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Guatemala's New Low Minimum Wage Under Flak From UN Rights Experts

Guatemala's recent decision to introduce a differentiated minimum wage to promote the local manufacturing industry not only violates the country's international human rights obligations but undermines its international commitment to pursue sustainable development,
UN rights experts warned on Tuesday.

The Guatemala government introduced a differentiated minimum monthly wage 44 percent lower than the national one, for workers employed in light manufacturing in the municipalities of Estanzuela, Masagua, San Agustín and Guastatoya in Guatemala.

Reacting to the introduction of the new minimum wage, the United Nations Special Rapporteur on extreme poverty, Philip Alston, said "Having an exploited labour force is not a viable way to foster economic and social development."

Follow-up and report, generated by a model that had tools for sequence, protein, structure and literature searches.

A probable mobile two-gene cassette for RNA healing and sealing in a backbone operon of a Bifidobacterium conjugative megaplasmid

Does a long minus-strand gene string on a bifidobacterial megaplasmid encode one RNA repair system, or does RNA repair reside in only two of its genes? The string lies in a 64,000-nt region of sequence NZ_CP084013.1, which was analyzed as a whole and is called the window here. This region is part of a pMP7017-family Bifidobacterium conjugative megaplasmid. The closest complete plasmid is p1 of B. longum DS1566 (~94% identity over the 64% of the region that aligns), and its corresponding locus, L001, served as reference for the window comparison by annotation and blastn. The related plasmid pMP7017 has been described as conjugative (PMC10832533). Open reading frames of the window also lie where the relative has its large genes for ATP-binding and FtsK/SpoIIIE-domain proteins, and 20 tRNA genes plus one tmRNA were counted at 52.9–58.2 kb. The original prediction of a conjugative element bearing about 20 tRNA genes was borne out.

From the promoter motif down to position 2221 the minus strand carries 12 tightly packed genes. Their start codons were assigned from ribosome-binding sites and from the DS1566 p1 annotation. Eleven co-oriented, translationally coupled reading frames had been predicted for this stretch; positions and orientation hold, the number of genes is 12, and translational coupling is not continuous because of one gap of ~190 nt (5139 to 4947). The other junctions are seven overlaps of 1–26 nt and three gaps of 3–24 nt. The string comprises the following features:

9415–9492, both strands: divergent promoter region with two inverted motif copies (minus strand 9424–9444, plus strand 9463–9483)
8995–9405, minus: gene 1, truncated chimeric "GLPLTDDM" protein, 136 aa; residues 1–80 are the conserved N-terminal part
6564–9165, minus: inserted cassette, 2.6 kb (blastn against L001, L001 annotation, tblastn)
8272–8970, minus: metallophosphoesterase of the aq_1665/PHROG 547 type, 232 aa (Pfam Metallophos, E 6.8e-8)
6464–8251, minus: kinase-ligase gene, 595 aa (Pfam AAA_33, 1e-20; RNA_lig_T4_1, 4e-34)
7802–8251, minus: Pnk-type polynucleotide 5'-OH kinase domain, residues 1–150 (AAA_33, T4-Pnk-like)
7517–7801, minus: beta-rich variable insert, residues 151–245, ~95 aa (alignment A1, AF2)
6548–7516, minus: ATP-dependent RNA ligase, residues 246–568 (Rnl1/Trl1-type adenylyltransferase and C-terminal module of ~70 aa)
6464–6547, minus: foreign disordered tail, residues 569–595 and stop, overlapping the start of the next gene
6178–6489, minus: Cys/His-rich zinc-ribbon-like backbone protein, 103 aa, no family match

The new local minimum wage of 1500 quetzals, the equivalent of US $195, stands in sharp contrast with the national minimum wage of some 2650 quetzals (US$350) that applies to agricultural and non-agricultural sectors. There are concerns that this decision may be extended to other sectors and regions, thereby triggering a "race to the bottom".

"This minimum wage only covers a quarter of the basic costs of living for an average Guatemalan family. Paid so little, already vulnerable households are left in a precarious situation, unable to ensure a decent standard of living for themselves and their families, with food security and access to an adequate and nutritional diet seriously undermined," said Hilal Elver, UN Special Rapporteur on the right to food.

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